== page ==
Symphony No. 26 (Haydn)

From Wikipedia, the free encyclopedia
Jump to: navigation, search

The Symphony No. 26 in D minor, Hoboken 1/26, is one of the early Sturm und Drang Symphonies written by Joseph Haydn. It is popularly known as the Lamentatione.

Background[edit]

Haydn wrote the symphony for Easter week. H. C. Robbins Landon has dated it to 1768 (possibly 1769).[1] In the absence of the original autograph,[2] it is impossible to verify the date of composition although this dating is consistent with the work's appearance in the Entwurf Katalog (Haydn's own catalogue of his works). An earlier tradition suggested the symphony had been written for Christmas (at the time a much less significant religious holiday), but the oldest original extant manuscript indicates clearly that the symphony was indeed intended for Easter celebrations.

It is an early example of the Sturm und Drang style that characterised much of his symphonic output to 1774 or 1775.

Because of its association with Easter week, Haydn incorporates a melody derived from an old plainsong chant of the Passion of Christ, interpolating (as the second theme) this familiar liturgical setting to contrast with the furious opening theme. The same lament is also picked up in the second movement, reinforcing the symphony's link to the Passion through evocation of a melody that would have been familiar to audiences of the time.[3]

Nickname (Lamentatione)[edit]

Since Haydn's day, the symphony has been known as "Lamentatione" because of the Christus motif of the opening movement's second theme. As with all the nicknamed symphonies, the title is not Haydn's own.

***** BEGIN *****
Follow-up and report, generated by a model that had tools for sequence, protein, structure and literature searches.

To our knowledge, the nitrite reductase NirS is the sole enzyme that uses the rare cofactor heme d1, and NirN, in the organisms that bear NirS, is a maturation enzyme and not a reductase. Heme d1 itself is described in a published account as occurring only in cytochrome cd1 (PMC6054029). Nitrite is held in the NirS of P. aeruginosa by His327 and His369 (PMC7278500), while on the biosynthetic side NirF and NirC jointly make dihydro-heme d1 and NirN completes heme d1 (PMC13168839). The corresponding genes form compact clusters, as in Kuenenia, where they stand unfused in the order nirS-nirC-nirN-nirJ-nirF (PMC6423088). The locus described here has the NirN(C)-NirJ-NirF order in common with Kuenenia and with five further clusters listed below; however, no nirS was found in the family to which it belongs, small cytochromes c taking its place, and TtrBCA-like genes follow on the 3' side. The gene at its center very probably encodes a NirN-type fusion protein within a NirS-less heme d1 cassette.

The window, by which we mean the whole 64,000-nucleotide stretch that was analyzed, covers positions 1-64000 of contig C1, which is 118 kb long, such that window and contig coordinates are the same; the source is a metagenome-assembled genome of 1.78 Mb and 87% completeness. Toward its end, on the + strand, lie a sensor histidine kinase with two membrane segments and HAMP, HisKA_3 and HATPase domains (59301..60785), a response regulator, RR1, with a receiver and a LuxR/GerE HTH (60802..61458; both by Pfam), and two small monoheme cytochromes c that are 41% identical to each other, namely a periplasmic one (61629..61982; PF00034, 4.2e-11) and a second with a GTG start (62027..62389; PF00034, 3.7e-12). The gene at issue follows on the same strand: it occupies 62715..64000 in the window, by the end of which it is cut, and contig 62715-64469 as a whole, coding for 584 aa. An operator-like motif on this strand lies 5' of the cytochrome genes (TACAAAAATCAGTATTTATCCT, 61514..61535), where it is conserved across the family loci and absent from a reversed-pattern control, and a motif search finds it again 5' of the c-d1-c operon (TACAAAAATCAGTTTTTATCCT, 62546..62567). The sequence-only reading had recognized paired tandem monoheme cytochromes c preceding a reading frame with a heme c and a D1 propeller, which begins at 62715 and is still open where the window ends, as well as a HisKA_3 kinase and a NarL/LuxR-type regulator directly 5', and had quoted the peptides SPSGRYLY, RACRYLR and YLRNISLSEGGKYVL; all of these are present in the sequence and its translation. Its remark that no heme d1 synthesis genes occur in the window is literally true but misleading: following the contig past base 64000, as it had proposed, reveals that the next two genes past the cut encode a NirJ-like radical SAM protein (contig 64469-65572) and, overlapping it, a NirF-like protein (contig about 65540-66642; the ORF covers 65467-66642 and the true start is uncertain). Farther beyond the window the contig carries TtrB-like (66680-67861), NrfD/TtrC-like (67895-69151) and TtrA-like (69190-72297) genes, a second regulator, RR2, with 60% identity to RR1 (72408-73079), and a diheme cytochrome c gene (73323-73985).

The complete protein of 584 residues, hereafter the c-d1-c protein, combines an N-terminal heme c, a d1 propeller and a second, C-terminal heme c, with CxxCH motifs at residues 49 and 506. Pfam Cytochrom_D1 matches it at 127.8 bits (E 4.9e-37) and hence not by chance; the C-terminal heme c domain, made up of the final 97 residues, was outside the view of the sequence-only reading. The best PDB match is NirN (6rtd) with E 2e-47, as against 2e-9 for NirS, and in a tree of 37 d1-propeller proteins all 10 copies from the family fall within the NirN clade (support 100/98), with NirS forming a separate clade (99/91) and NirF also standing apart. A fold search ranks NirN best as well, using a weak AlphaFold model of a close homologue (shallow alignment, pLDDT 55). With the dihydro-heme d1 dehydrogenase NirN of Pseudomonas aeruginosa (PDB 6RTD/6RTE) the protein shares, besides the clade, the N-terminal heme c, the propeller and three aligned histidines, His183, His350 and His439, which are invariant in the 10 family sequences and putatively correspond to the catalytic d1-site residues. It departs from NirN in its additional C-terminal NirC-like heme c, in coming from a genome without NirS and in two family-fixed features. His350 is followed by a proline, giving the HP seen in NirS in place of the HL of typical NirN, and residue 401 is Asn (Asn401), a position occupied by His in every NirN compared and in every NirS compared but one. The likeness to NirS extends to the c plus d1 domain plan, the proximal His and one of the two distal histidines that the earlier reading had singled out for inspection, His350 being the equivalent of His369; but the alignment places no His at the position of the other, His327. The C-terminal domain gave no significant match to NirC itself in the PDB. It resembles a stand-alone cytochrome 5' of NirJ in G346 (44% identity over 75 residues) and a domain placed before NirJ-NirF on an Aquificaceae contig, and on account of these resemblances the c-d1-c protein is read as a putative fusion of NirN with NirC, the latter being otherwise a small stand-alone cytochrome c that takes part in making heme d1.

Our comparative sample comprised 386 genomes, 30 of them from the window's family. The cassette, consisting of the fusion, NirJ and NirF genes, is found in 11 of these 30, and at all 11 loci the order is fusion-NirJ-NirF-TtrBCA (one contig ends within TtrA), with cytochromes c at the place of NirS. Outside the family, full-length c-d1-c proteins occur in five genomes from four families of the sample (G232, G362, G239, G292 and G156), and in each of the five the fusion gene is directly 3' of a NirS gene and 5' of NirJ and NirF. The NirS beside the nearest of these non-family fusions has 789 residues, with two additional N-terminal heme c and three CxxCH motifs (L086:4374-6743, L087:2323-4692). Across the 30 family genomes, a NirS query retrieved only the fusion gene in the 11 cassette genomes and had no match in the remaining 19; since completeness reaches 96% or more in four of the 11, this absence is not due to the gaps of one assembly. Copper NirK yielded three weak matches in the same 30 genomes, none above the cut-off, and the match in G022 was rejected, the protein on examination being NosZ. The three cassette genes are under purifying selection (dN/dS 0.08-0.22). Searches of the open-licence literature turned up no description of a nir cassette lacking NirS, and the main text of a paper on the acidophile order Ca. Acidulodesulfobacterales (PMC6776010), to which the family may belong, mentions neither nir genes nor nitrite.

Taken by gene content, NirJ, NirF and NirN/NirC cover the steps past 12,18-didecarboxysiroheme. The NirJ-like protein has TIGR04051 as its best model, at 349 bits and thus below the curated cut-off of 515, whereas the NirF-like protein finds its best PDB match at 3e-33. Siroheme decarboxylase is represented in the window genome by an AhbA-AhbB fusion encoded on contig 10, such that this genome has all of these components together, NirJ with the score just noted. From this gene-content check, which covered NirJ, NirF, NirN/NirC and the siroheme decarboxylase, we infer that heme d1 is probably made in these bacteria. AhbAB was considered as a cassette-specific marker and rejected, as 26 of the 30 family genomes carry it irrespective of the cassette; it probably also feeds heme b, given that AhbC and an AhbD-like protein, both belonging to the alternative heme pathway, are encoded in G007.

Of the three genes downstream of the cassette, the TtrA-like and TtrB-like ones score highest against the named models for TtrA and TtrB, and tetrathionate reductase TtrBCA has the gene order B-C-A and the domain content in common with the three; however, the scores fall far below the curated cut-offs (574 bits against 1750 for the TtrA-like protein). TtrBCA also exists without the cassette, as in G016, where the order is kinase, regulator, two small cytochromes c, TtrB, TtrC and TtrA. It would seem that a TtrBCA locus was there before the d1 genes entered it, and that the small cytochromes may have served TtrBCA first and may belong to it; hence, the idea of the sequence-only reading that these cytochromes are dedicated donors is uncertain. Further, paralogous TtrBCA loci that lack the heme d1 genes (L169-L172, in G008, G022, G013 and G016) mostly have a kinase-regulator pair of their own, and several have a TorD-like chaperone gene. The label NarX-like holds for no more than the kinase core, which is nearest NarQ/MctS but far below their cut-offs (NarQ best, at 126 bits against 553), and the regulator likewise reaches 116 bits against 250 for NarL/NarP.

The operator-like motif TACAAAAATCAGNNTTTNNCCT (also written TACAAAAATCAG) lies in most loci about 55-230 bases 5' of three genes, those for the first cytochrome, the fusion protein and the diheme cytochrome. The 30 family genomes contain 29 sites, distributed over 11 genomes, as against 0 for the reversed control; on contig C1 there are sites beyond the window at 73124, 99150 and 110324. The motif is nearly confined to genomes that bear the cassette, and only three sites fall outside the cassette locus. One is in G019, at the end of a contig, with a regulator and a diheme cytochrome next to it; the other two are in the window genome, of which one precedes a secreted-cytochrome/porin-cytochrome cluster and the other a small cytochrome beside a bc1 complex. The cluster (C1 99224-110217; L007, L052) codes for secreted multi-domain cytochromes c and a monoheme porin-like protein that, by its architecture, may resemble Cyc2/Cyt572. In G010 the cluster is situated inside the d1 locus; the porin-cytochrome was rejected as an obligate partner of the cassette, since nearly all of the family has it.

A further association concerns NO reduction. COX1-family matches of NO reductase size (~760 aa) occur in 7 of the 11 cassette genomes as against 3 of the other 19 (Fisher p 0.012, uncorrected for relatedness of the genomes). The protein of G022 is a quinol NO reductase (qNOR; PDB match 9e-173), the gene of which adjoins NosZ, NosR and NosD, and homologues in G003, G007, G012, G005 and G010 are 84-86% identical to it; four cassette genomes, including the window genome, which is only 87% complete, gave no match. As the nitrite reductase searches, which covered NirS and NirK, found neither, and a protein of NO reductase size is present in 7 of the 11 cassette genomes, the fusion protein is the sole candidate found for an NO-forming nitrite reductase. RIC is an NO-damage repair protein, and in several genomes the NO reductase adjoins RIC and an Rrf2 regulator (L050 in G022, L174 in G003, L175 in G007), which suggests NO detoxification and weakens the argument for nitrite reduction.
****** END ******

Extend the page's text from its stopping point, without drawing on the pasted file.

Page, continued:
Movements[edit]

The work is in three movements, ending with a minuet and trio. It is scored for two oboes, two bassoons, horns, timpani, continuo (harpsichord) and a string section containing first and second violins, violas, cellos and double basses. Although no independent part for the double bass exists, it would have followed the cello part in octaves.

  1. Allegro assai con spirito, 4/4
  2. Adagio, 2/4
  3. Minuet e Trio, 3/4

See also[edit]

References[edit]

  1. ^ Zaslaw, Neal (January 1982). "Mozart, Haydn and the Sinfonia da Chiesa". The Journal of Musicology 1 (1): 123. doi:10.1525/jm.1982.1.1.03a00140. ISSN 0277-9269. JSTOR 763639. 
  2. ^ Dack, James (February 1985). "The Symphonies Vol.8: Joseph Haydn; L'Estro Armonico; Derek Solomons". Early Music 13 (1): 145, 147. doi:10.1093/earlyj/13.1.145. ISSN 0306-1078. JSTOR 3127433. 
  3. ^ Sisman, Elaine (Summer 1990). "Haydn's Theater Symphonies". Journal of the American Musicological Society 43 (2): 337–338. doi:10.1525/jams.1990.43.2.03a00030. JSTOR 831616.